Figure 6: Myeloid cell infiltrate and IL6 expression in adenomas developed in AOM/DSS-treated wild-type and Mutyh−/− mice. A–H. Representative images of IHC performed on paraffin-embedded or frozen (C, D) sections of adenomatous lesions developed in wild-type (left column) or Mutyh−/− (right column) mice after AOM/DSS treatment. A–B) Granulocytes (GR-1+) staining in wild-type (A) and in Mutyh−/− mice (B) C–D) Macrophages (CD11b+/CD18+: Mac-1) staining in wild-type (C) and in Mutyh−/− mice (D) E–F) Double immunohistochemistry with anti-GR-1 (red), and anti-CD11b (brown) Abs, resulting in double stained MDSCs (brick red staining) inside adenomas from wild-type (E) and Mutyh−/− mice (F) G–H) Expression of IL6 in adenomas from wild-type (G) and Mutyh−/− mice (H), and within the nearby normal colonic crypts (H inset). Magnification: A and B, X200; C–H, X400. Scale bars: A and B, 50 μm; C–H, 30 μm.
We conclude that MUTYH loss affects both the number and the severity of neoplastic lesions induced by this treatment. In addition this repair gene modulated, both qualitatively and quantitatively, the immune response associated with these lesions.
MUTYH inactivation in mice is associated with small intestinal tumour and/or lymphomas, either spontaneous or induced by KBrO3 exposure . In addition, similarly to inactivation of other mismatch repair (MMR) genes (Mlh1−/−, Msh2−/−, Msh6−/−, MBD4−/−) [25–28], the small intestine is the preferential target for accelerated carcinogenesis in Mutyh/ApcMin/+ crosses . The striking specificity of the small intestine as major target site for tumorigenesis in rodents has been recently explained by the larger number of stem cells divisions occurring in mouse small intestine than in the large one, with the reverse occurring in humans . Here we report that the colon becomes the target organ for Mutyh-dependent cancer when animals are exposed to an initiation-promotion protocol of inflammation-associated colorectal carcinogenesis. Since no cancer was observed in Mutyh−/− mice exposed to several cycles of DSS alone , we conclude that the initiation step provided by AOM is required to reveal the Mutyh−/− dependent CRC-prone phenotype.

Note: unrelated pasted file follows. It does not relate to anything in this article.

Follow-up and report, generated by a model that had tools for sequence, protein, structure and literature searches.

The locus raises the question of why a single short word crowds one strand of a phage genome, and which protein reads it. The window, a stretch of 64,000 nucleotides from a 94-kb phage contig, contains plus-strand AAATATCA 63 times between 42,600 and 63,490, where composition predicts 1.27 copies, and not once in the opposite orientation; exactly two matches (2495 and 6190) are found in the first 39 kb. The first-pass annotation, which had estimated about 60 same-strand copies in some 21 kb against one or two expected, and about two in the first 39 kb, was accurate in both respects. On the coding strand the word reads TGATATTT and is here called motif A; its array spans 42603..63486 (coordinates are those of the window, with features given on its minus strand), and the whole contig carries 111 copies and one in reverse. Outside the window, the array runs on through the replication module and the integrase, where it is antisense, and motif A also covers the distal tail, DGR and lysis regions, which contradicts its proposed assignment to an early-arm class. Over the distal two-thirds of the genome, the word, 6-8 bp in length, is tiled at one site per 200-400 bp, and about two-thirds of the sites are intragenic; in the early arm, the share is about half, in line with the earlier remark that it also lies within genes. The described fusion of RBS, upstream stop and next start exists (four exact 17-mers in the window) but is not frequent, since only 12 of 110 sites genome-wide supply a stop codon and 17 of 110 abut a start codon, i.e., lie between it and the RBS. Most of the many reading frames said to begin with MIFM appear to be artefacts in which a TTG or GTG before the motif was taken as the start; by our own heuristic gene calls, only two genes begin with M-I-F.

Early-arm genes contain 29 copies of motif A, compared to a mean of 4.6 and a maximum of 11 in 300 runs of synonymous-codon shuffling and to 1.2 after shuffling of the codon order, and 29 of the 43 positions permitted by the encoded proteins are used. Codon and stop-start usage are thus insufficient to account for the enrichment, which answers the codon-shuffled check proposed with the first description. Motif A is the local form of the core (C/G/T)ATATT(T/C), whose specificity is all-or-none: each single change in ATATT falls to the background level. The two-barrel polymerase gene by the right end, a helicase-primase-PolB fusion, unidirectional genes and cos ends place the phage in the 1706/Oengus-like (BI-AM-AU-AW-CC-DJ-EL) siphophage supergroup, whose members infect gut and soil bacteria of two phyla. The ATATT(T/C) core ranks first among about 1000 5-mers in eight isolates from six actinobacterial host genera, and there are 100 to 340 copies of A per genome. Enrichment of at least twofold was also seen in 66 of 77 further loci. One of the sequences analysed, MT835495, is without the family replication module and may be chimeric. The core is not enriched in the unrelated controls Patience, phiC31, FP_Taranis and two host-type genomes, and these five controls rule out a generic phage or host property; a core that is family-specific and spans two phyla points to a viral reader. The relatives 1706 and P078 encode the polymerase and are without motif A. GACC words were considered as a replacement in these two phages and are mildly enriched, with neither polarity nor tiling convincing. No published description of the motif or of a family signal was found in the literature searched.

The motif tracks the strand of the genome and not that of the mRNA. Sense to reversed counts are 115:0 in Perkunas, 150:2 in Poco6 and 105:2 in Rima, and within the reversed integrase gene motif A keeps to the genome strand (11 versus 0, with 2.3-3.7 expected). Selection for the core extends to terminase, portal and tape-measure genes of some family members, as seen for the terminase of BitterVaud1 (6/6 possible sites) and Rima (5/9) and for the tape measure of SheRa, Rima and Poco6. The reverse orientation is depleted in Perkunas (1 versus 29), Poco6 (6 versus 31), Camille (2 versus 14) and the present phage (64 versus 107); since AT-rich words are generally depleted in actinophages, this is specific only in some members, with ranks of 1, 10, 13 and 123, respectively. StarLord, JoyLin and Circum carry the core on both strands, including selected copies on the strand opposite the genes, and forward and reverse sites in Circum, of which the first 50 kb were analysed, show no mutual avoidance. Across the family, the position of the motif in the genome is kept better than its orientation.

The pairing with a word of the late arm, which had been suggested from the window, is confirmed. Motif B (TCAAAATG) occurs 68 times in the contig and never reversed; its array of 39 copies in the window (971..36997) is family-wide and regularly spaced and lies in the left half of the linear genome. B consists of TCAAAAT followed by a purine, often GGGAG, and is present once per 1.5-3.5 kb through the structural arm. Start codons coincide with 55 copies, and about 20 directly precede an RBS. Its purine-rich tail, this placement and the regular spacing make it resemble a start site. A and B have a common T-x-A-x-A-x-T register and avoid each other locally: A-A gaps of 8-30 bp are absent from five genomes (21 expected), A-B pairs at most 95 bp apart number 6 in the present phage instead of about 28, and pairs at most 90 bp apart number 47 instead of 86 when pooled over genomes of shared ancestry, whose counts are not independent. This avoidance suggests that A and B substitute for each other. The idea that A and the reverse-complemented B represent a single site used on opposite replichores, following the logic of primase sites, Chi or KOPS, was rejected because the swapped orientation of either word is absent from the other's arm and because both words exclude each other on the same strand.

The increased cancer susceptibility of Mutyh−/− mice is accompanied by hypersensitivity to the lethality of AOM/DSS treatment. This phenotype is shared with mice defective in other DNA repair enzymes, i.e. O6-methylguanine DNA methyltransferase (MGMT) [30, 31], alkyladenine DNA glycosylase (AAG) and the ALKBH2/ALBH3 demethylases [21, 32]. These enzymes are major repair systems for mutagenic/cytotoxic DNA lesions induced by AOM. In contrast the acknowledged repair function of MUTYH is restricted to removal of a pre-mutagenic lesion – an undamaged adenine opposite 8-oxoG. The increased levels of DNA 8-oxoG identified in the GI tract of AOM/DSS-treated Mutyh- defective mice indicate that MUTYH is required for the efficient removal of this DNA lesion. Our data support a more complex role of MUTYH in mediating toxicity induced by DNA damaging agents [33, 34]. Modulation of MUTYH expression has been shown to be among the genomic predictors of cellular sensitivity to alkylation damage induced by N-methyl-N’-nitro-N-nitrosoguanidine . Whether MUTYH influences alkylation sensitivity via its interaction with the MMR machinery remains to be determined. Indeed, depending on the oxidant and/or the type of damage to macromolecules, the absence of MUTYH can sensitize cells to DNA damaging agents or be beneficial for cell survival. We previously showed a surprising resistance of Mutyh−/− mice to killing induced by combined Azathioprine (AZA) and UVA radiation chronic exposures . These treatments lead to increased levels of skin DNA 8-oxoG and squamous cell skin carcinomas that arose only in Mutyh−/− mice . Thus, a cancer-prone phenotype is always associated with MUTYH loss, independently from the contrasting toxicities induced by AOM/DSS or AZA/UVA exposures.